Leah Greenwood

Leah Greenwood, Patrick Henry College

For the past few months, I’ve been working as an intern at Christian County Headliner News. I grew up in Ozark, graduated from Grace Classical Academy and made the decision to live in Virginia for four years while I pursued a Bachelor of Arts in journalism with a minor in classics at Patrick Henry College. Now a senior, I returned home to finish out my remaining internship credits for my degree.

I’ve lived in Christian County for almost 20 years, but have never been too involved in the community, except perhaps, as a kid. Growing up, I was best buds with the librarians at the Christian County Ozark Branch Library, took home large piles of books on an almost daily basis and attended just about every event that was held there. I was also a member of the Christian County 4-H horse group: W.H.O.A.—Where Horses Offer Adventure—and had the chance to ride in the Ozark Christmas Parade. And you could most definitely count on me being at the Ozark Craft Fair and rodeos at Finley River Park every single year. 

But that was the extent of my involvement—until now. This internship gave me the chance to experience more of what it’s like to be a part of this amazing community. I met some great people, had the opportunity to write a number of fascinating stories and got to see the inner-workings of the county.

In addition, I—however briefly—became a member of the community of the Headliner News. I quickly felt at home amongst the hilariously snarky comments of Ashley Sudheimer; the sweet and fun-loving personality of Sydni Moore; the quiet but friendly Pat Dailey; the fabulously dressed and outgoing Tricia Chapman; and the kind-hearted and helpful Rance Burger.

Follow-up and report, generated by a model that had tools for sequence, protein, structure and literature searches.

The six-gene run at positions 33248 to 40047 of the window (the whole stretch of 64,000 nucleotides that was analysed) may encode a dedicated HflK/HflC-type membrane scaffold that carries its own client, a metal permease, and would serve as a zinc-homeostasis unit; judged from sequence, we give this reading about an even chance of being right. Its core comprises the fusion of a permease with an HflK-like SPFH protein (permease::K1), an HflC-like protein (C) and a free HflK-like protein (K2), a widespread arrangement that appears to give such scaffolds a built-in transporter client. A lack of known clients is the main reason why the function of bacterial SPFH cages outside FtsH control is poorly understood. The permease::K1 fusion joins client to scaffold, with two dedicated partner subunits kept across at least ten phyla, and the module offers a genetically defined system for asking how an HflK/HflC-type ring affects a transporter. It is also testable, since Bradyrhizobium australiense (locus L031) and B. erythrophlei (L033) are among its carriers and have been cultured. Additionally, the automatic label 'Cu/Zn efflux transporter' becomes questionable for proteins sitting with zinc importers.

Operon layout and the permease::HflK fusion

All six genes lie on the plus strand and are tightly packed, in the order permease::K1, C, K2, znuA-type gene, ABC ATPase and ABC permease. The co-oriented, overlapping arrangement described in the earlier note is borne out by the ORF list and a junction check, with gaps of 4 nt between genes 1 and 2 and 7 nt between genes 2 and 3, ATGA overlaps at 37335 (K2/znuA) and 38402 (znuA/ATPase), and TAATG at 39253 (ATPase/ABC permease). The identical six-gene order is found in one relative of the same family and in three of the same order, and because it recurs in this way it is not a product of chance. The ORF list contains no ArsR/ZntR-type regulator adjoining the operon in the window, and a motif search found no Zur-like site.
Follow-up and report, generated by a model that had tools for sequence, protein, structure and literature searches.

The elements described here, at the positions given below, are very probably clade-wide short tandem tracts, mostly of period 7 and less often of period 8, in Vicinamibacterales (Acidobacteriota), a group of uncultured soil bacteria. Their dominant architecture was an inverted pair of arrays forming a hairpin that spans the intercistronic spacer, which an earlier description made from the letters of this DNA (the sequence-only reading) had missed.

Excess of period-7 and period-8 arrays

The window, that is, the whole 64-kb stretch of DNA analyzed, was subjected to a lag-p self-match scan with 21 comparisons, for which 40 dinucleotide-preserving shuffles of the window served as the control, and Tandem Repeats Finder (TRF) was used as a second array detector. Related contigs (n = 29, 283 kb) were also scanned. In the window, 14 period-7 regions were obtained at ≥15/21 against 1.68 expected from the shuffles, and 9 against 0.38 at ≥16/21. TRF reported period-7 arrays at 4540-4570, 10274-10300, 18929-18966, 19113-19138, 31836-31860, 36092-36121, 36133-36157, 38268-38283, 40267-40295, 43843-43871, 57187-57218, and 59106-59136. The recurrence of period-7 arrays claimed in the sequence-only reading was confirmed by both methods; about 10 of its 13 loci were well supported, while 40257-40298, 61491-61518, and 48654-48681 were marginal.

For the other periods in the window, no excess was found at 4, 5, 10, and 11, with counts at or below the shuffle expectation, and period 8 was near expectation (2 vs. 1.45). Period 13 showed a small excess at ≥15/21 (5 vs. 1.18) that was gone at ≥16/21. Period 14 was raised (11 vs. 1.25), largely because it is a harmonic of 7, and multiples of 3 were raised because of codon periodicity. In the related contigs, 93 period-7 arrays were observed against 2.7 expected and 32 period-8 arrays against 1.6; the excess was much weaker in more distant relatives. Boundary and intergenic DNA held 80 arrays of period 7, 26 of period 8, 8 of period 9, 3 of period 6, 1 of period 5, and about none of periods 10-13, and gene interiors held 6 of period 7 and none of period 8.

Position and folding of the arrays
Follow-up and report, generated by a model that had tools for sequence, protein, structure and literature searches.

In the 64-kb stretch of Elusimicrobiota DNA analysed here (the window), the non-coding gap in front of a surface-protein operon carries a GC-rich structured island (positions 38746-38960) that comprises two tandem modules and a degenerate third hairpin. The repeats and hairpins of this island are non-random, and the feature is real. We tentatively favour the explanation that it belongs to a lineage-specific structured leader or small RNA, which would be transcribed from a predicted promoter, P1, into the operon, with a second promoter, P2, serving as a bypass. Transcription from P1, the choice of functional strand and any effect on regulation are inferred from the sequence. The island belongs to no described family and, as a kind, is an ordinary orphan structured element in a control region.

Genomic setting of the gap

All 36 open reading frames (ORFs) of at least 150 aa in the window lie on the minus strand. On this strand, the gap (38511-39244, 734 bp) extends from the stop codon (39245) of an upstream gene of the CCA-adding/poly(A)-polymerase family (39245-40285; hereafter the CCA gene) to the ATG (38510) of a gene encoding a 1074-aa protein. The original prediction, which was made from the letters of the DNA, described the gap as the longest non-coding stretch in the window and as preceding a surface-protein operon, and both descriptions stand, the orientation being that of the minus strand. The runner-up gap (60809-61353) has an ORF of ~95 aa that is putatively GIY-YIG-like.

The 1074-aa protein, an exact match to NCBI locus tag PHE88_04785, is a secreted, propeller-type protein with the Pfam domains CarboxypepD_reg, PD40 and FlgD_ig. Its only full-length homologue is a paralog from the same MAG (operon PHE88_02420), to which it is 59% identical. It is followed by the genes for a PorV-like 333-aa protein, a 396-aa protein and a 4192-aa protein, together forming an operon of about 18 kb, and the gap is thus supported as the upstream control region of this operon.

Another bonus was working in an office located on the Ozark square. I have always been in love with Ozark’s charming, historic square and its small-town feel. It was great to be able to sit at my desk and look out upon the portion of the square visible through the window.

During my time interning at Headliner News, I was pushed outside of my comfort zone in a good way. I consider myself to be quite introverted, and as an introvert, it can be disconcerting to show up to an event where I know not one soul in the room. However, I still have to go around, introduce myself to people and interview them because that’s what the job demands. Normally, if I were in the same situation but did not have to act as a journalist, it wouldn’t be so bad; I would just sit back and observe everything going on around me without the pressure to talk to people. As a journalist, I’m the one who has to do the approaching. As an introvert, that can be nerve-wracking at times. 

There were a few occasions where I would accompany Rance or Sydni to an event, which took off some of the pressure, but most of the time it was just me inserting myself into a place where I didn’t know anyone. This experience definitely stretched me, and though it was uncomfortable at the time, I’m better (and more flexible) for it.

I am grateful to Rance and everyone at the Headliner News for taking me in and showing me the mechanics of a newsroom. Wherever I may end up next, I know that I will keep with me the lessons I learned while interning at my hometown newspaper.

(0) comments

Welcome to the discussion.

Keep it Clean. Please avoid obscene, vulgar, lewd, racist or sexually-oriented language.
PLEASE TURN OFF YOUR CAPS LOCK.
Don't Threaten. Threats of harming another person will not be tolerated.
Be Truthful. Don't knowingly lie about anyone or anything.
Be Nice. No racism, sexism or any sort of -ism that is degrading to another person.
Be Proactive. Use the 'Report' link on each comment to let us know of abusive posts.
Share with Us. We'd love to hear eyewitness accounts, the history behind an article.